Syria crisis: Britons accused of brutal killings

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image captionMembers of the Islamic State of Iraq and the Levant burned confiscated cigarettes in the city of Raqqa last month

Britons make up most of the foreign members in Syria's most violent terror group, a senior rebel leader says.

In a letter to The Times, Brig-Gen Abdulellah al-Basheer of the Free Syrian Army asks for help in curbing the Islamic State of Iraq and the Levant.

He claims the group attacks opposition forces, not the Assad regime

UK fighters are involved in activities including beheadings, crucifixions and ill-treatment of women, he adds.

In his letter, General al-Basheer writes that ignoring the problem could lead to British extremists returning home to "continue on their pernicious path of destruction".

Last week father-of-two Mashudur Choudhury became the first person in the UK to be convicted of terrorist offences in connection with the conflict in Syria.

Using the example of Choudhury, General al-Basheer writes: "He is one of many. They are not freedom fighters. They are terrorists."

He says the majority of non-Syrian members of the "predominantly foreign" Islamic State of Iraq and the Levant, a Sunni Islamist group, are from Britain. But he claims it includes fighters from Germany and France.

'Increasingly brutal threat'

He says there are also members from a range of countries across the Middle East, Africa and the Gulf and they pose an "increasingly brutal threat".

He writes: "We the Syrian people now experience beheadings, crucifixions, beatings, murders, outdated methods of treating women, an obsolete approach to governing society."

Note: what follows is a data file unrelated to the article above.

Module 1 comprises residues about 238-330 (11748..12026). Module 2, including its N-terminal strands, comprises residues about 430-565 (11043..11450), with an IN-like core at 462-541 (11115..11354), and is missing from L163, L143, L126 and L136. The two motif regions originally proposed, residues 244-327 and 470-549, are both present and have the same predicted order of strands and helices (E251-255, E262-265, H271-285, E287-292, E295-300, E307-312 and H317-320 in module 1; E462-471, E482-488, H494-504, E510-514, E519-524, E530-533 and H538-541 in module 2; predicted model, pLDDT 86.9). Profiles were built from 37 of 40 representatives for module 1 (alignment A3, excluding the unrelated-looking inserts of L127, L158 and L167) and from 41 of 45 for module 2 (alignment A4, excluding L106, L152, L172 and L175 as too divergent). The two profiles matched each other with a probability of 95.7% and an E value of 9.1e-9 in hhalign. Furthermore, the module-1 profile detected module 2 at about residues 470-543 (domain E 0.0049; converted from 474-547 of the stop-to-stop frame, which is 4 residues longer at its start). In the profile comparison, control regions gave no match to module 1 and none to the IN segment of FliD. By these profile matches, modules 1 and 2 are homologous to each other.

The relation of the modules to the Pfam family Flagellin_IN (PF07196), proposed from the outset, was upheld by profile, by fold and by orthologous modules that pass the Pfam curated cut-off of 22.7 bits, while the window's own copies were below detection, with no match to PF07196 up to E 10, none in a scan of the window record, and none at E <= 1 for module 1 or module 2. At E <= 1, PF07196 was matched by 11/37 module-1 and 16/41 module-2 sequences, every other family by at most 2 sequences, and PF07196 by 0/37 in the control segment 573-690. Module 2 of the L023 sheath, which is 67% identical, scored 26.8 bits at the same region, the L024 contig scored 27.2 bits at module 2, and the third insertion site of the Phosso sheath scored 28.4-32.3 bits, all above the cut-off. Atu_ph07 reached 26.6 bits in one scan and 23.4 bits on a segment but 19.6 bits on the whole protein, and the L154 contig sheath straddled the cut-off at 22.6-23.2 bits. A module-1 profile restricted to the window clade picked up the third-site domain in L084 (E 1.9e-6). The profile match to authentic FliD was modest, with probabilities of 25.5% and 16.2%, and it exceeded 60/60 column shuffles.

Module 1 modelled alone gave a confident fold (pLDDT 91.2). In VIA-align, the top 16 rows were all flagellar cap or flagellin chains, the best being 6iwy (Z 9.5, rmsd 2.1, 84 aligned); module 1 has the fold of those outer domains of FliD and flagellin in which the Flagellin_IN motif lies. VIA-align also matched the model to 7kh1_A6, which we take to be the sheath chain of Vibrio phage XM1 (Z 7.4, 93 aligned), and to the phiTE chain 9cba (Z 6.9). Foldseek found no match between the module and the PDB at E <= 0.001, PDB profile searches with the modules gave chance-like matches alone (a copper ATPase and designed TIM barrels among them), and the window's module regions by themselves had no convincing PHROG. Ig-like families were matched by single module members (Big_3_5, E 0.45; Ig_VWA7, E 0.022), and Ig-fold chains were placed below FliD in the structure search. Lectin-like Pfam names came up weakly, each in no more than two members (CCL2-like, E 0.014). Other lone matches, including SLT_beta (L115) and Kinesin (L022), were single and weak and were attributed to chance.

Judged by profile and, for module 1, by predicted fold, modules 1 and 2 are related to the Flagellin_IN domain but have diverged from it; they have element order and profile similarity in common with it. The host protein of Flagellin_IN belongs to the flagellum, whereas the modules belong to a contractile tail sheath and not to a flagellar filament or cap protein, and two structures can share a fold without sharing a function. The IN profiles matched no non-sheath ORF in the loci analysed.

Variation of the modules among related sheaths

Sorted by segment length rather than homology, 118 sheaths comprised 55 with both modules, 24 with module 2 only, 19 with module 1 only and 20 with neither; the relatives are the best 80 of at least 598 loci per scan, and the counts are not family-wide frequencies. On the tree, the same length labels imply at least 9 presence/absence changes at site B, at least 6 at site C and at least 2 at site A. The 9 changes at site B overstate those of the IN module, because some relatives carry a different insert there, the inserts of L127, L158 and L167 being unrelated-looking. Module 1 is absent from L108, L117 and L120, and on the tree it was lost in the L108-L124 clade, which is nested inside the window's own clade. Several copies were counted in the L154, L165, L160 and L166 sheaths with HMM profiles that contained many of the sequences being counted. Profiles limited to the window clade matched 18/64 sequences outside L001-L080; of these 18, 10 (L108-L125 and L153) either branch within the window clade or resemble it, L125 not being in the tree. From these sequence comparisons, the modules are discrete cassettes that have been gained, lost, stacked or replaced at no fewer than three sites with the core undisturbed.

"Many who participate in these activities are British.

"The UK and US governments must support us to defeat terrorism in Syria and prevent it from being exported to Europe and the US."

General al-Basheer also claims that the group (which he refers to as ISIL, though it is also known as ISIS) kidnaps Free Syrian Army fighters and targets civilian homes in the city of Raqqa, instead of a nearby regime-controlled air base.

Tens of thousands of people have been killed in the Syrian conflict and millions displaced.

An estimated 500 Europeans are now fighting in Syria, according to the EU's anti-terror chief.

A spokesman for the Foreign Office said: "The police and security services are actively working to detect and disrupt any terrorist threat from Syria and individuals who travel there.

"People who are thinking about travelling to Syria to engage in terrorist activity should be in no doubt that we will take the strongest possible action to protect our national security, including prosecuting those who break the law."

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